In Lone Pine we find a saloon with swinging doors and escape the mind-numbing afternoon heat by having a beer at the bar. We’re served by a leathery blonde in tight black pants and there are two trucker types sitting to our left. “Where are ya’ll from then?” they say when my husband orders. The doors swing open and shut to admit a pair of thirsty backpackers. It’s perfect, it’s perfect, I think. You couldn’t make it up.
We play pool for a while, but I get snappy because he keeps showing me what do to, because I’m terrible at pool, because there’s a group of guys hanging around at a nearby table watching, waiting for their chance to play, and they can see how terrible I am. It’s all of the things I hate: I hate losing, I hate asking for help, I hate being patronized, I hate being watched. He goes outside for a cigarette and I practice. The guys at the nearby table have raised eyebrows but I can’t tell if it’s because they see my point, which I’ve been making loudly: I’m fine when you’re not WATCHING me! or because they are watching me, and they are bemused, and they want their pool table back.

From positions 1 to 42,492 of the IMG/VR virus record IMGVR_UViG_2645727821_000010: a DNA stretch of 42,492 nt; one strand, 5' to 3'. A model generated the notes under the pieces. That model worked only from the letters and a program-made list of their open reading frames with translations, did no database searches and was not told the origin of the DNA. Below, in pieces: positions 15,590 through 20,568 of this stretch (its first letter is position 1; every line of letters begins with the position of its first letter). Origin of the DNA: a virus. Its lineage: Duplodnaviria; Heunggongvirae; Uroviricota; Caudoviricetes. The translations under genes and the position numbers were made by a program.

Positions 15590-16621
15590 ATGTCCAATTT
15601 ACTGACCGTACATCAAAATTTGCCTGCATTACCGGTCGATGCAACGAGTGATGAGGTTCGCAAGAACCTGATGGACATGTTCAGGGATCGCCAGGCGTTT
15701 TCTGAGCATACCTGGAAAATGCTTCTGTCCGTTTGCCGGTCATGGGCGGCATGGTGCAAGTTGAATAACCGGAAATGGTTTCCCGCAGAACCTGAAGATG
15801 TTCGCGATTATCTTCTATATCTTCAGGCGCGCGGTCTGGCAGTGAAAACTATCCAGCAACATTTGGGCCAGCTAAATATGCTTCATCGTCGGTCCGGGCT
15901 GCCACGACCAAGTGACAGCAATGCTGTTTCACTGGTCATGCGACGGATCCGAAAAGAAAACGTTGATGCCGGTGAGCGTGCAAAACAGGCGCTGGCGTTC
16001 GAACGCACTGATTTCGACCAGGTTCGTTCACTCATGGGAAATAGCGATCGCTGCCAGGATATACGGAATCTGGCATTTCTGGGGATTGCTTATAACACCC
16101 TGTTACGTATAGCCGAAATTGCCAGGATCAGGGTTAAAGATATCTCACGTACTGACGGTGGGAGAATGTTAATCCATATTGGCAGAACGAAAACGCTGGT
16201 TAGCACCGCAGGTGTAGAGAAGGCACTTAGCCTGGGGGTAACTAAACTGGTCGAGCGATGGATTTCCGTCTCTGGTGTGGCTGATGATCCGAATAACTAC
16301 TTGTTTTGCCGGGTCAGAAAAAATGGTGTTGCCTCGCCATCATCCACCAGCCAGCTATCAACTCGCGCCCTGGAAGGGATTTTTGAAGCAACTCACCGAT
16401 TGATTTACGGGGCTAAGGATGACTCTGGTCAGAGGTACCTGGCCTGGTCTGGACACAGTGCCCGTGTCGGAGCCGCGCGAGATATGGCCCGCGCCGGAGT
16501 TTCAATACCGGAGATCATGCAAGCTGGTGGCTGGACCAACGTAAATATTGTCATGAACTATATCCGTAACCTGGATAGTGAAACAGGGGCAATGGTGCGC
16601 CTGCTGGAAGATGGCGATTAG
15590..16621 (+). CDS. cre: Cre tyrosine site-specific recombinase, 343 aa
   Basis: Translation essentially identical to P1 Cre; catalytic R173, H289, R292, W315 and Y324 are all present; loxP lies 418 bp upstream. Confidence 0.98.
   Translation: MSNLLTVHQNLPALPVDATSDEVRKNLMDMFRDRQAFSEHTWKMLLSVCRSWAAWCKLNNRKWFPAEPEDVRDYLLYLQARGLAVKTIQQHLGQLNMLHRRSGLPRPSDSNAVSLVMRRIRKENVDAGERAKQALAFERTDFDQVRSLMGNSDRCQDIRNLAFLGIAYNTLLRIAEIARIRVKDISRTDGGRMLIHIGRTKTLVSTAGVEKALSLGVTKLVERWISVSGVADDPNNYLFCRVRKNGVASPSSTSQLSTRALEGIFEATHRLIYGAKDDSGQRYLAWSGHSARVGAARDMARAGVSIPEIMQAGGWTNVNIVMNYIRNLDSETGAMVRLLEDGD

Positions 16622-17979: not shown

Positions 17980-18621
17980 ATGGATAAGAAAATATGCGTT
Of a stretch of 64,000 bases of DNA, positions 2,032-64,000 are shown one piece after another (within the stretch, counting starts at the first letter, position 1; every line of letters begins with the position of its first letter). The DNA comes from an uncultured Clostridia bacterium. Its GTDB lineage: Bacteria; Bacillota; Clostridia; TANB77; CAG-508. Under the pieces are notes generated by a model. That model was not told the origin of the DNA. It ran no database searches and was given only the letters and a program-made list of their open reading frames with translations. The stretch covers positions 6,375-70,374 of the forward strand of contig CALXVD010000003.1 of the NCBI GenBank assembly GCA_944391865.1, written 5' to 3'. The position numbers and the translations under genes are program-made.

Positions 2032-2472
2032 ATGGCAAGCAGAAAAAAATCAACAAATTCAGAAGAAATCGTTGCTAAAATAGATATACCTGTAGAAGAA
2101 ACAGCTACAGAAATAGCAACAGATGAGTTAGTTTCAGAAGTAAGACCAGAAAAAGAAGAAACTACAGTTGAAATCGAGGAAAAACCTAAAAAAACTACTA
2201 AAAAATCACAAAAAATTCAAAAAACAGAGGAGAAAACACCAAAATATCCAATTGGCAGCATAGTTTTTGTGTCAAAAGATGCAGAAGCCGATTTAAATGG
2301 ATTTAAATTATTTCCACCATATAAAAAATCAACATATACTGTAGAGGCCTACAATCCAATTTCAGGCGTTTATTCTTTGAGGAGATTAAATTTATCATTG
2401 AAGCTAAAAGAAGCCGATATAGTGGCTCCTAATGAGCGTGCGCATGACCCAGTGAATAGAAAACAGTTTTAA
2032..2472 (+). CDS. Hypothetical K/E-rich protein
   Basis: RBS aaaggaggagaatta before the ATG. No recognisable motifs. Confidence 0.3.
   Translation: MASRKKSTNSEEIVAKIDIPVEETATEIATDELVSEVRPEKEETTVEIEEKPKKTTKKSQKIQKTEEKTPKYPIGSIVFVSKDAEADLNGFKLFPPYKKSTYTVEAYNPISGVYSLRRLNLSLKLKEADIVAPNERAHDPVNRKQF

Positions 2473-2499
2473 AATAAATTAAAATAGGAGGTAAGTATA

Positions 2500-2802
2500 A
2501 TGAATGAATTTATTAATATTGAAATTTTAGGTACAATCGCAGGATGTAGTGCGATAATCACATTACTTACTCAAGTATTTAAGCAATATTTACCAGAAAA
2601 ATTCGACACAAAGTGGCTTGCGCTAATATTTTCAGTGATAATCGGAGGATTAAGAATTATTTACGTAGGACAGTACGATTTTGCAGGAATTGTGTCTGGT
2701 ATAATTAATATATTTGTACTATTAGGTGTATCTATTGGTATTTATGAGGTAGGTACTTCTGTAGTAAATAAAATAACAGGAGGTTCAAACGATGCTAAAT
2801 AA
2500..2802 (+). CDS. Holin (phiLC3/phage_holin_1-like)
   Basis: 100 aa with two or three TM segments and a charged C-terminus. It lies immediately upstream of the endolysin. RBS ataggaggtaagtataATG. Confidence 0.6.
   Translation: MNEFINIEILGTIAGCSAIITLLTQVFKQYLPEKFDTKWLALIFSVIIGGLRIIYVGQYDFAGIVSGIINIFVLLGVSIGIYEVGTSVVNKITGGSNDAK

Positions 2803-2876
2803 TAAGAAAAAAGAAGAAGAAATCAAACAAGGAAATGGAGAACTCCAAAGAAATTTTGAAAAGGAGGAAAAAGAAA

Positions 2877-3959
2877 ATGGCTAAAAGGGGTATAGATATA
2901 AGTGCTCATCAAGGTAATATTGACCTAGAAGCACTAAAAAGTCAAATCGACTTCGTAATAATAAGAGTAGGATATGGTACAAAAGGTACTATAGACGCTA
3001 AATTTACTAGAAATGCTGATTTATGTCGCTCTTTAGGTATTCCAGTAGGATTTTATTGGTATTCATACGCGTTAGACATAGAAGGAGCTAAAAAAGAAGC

Later we drive back to the campground. I’m over the pool but cross now because darkness is falling too fast. For months I’ve been dreaming of seeing the mountains at sunset, I’m saying, as I roar down dirt roads, the camping stove rattling in the back of the car. I can’t believe we’re missing my mountain sunset! I say. But we see it anyway, a quick deep blush and then a slow fade. It feels like there’s no one else around: just a few RVs parked up, no voices carrying but smoke rising from fire pits. We are almost alone; it is almost terrifying. We cook steaks the size of our heads on the campfire and eat them in almost-darkness, the propane lamp buzzing, the firelight flickering. The air is alive with little flying beetles, flat as skipping stones and the colour of dust, and they settle in our hair, on our clothes, next to our skin. I read a few Adrienne Rich poems by the light of the headlamp - Summer was another country, where the birds/Woke us at dawn among the dripping leaves - before slipping into the fragile sleep of the camper. I wake pre-dawn to a wicked wind shaking the tent, ripping through the valley. I go outside to pee and the warmth on the horizon is palpable. The foothills look snow-capped but it’s just the colour of the rocks.